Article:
BIO 270. Ecology and Evolution/Lab.

An introduction to ecological and evolutionary patterns, principles, and processes. Topics include life history and adaptation, speciation, mechanisms of evolution, population dynamics and interactions, community structure, and ecosystem processes. Laboratories include experimental investigations of several levels of biological organization using cooperative lab groups. Prerequisite(s): BIO 190. [S] [L][Q] [W2] Normally offered every year. Staff.

BI/ES 271. Dendrology and the Natural History of Trees/Lab.

In this field-based course, students engage in the scientific study of the natural history and identification of trees and important shrubs native to New England, and some commonly planted non-native trees. Topics include the anatomy, function, taxonomy, biology, and uses of trees. Lecture topics support weekly outdoor laboratories, which include trips to such field sites as the Bates-Morse Mountain Conservation Area, Thorncrag Bird Sanctuary, and Wolfe’s Neck State Park. Study of the woody flora of New England serves as a foundation for further work in biology, environmental studies, conservation, or related fields. Prerequisite(s): BIO 117, 124, 190, or ENVR 203. Enrollment limited to 18. B. Huggett.

BIO 380. Plant Physiology/Lab.

A study of organismal and cellular functions important in the life of green plants. Topics include mineral nutrition, water relations, metabolism, and regulatory processes. Prerequisite(s): BIO 242. Enrollment limited to 20. [S] [L] [Q] B. Huggett.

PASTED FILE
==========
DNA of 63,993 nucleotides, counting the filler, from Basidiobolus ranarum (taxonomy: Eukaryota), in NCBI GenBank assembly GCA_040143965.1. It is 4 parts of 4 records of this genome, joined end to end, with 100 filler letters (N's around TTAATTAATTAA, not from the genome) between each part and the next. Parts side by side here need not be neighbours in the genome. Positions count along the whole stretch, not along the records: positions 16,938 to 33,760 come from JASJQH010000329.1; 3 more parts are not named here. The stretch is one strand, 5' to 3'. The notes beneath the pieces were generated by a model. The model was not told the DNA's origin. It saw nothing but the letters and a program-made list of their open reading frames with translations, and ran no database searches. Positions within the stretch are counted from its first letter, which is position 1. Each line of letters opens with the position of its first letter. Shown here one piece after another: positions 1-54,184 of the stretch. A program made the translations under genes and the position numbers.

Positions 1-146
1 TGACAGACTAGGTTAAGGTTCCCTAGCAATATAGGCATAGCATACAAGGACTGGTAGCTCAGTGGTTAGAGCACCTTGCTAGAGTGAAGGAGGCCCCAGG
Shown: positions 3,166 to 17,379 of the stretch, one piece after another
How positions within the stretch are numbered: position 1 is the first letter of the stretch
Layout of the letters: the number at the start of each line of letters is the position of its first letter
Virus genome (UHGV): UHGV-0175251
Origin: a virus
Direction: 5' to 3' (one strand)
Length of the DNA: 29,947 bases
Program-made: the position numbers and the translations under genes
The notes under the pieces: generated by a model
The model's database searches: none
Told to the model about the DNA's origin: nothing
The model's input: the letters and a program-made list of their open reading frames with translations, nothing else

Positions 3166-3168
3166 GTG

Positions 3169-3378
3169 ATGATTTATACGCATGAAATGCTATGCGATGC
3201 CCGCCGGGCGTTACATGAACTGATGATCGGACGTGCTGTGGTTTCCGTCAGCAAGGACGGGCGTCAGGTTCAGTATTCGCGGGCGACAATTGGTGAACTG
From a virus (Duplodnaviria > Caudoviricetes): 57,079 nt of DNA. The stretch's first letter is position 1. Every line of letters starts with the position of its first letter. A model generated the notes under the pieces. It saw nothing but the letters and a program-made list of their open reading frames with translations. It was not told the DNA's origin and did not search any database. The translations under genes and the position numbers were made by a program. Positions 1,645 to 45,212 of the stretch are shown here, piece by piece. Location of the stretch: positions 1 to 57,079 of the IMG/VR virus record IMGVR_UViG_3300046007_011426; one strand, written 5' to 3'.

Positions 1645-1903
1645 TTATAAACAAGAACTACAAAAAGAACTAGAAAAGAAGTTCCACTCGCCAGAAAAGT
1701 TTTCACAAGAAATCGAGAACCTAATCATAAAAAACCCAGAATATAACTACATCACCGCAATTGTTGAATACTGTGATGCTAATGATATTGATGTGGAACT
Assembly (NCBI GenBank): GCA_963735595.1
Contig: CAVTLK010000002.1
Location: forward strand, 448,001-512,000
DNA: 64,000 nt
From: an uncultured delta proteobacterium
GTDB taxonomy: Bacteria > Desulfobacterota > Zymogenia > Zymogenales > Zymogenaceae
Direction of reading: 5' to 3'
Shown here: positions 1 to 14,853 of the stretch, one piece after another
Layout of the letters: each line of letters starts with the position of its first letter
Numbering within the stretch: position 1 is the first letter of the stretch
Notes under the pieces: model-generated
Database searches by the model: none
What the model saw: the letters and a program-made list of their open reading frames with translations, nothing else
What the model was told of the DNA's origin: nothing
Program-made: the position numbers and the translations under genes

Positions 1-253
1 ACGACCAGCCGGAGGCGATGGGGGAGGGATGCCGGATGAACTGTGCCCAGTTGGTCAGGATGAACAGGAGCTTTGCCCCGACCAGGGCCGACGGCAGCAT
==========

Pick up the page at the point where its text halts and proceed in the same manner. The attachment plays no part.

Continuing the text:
BIO s37. The North Woods.

An investigation of the patterns and history of New England’s forests and associated plant communities, with an emphasis on field study and research. Students review the influences of geological patterns, climate, unusual soil and water conditions, natural disturbances, invasive plants and insects, and human activities on community type, occurrence, and history. Central to the course are visits to a variety of field sites, where students learn to describe the structure, composition, and history of several communities. Primary literature is emphasized. Prerequisite(s): BIO 270 or ENVR 310. Enrollment limited to 8. [S] [L] B. Huggett.

BIO s38. Plant Ecology.

Plants form the base of terrestrial ecosystems and, because they are easy to observe, play a prominent role in ecological research. This course explores interactions between terrestrial plants and their environments, focusing on the population and community levels of ecology. It emphasizes independent field research and will include substantial time spent outdoors, as well as some overnight field trips. A major goal of the course is to enable students to apply ecological knowledge to decision-making, particularly in the context of conservation efforts. Prerequisite(s): Biology 270. New course beginning Short Term 2016. Enrollment limited to 20. C. Essenberg.